Can identifying problems with short-term memory help to diagnose Alzheimer's disease?

Research project: Short-term memory binding: A sensitive cognitive marker for Alzheimer's disease

Lead researcher: Dr Mario Parra
Institution: University of Edinburgh/Heriot-Watt University
Grant type: Fellowship
Duration: 3 years
Amount funded: £187,116
Start Date: September 2012
End Date: September 2016 

What was the project, and what did the researchers do?

There has been much work in the past focusing on a specific type of long-term memory, and investigating how it is affected in Alzheimer's disease. However these effects are also found in normal ageing, as well as other types of dementia, and so changes in this are not specific to Alzheimer's disease.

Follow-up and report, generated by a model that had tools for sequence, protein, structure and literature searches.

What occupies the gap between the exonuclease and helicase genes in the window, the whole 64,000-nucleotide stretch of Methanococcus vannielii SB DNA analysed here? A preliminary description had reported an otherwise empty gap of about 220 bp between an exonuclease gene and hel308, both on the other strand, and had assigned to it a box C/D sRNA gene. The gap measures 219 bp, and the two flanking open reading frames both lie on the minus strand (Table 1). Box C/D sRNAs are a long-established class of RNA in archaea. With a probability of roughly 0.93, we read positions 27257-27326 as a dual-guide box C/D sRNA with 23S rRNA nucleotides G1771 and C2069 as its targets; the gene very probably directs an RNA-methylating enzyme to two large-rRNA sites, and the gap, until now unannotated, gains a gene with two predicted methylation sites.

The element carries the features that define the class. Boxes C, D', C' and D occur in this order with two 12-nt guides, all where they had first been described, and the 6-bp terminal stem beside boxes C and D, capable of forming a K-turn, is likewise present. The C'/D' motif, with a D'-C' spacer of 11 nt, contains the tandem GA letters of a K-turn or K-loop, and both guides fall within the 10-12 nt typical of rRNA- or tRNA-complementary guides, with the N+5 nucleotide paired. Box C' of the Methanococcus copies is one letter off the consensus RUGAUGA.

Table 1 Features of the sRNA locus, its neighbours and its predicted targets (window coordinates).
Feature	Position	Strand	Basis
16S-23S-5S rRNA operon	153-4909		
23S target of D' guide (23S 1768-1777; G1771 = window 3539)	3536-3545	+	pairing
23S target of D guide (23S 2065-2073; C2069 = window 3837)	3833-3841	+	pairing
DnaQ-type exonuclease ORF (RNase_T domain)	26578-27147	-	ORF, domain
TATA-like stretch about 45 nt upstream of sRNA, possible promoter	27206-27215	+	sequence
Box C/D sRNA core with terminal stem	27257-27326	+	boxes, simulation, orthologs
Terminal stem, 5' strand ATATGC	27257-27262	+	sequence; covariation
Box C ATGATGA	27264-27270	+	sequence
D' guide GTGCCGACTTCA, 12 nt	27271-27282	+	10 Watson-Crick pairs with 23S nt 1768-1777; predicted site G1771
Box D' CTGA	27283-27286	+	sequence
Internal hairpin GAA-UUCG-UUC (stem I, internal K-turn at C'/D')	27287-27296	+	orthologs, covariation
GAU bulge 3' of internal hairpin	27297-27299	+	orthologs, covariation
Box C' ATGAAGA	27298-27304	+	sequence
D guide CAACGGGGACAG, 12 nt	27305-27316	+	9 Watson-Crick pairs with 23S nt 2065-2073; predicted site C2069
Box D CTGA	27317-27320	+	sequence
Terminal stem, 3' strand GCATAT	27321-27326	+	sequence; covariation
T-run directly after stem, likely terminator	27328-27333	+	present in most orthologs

Changes in short-term memory in Alzheimer's disease have been less well investigated. Dr Parra and his team at the University of Edinburgh had shown that a particular test -called 'short-term memory binding'- can identify changes that are specific to Alzheimer's disease, as it is not affected during normal ageing or other conditions.

This test explores the ability of a person to temporarily hold combinations of features (for example both shapes and colours within coloured shapes) in their memory. This declines in Alzheimer's disease, maybe even before other symptoms start to show. It is not seen in healthy ageing, chronic depression or other forms of dementia. 

In this project the researchers investigated loss of this short-term memory binding further.  They looked at: 

  • Whether problems with short-term memory binding a specific to, and an early indicator of, Alzheimer's disease
  • The biological basis of this decline
  • Whether these problems are responsible for people with Alzheimer's disease often struggling with daily tasks 

What were the key results and how will this benefit people with dementia?

Memory loss at different stages of disease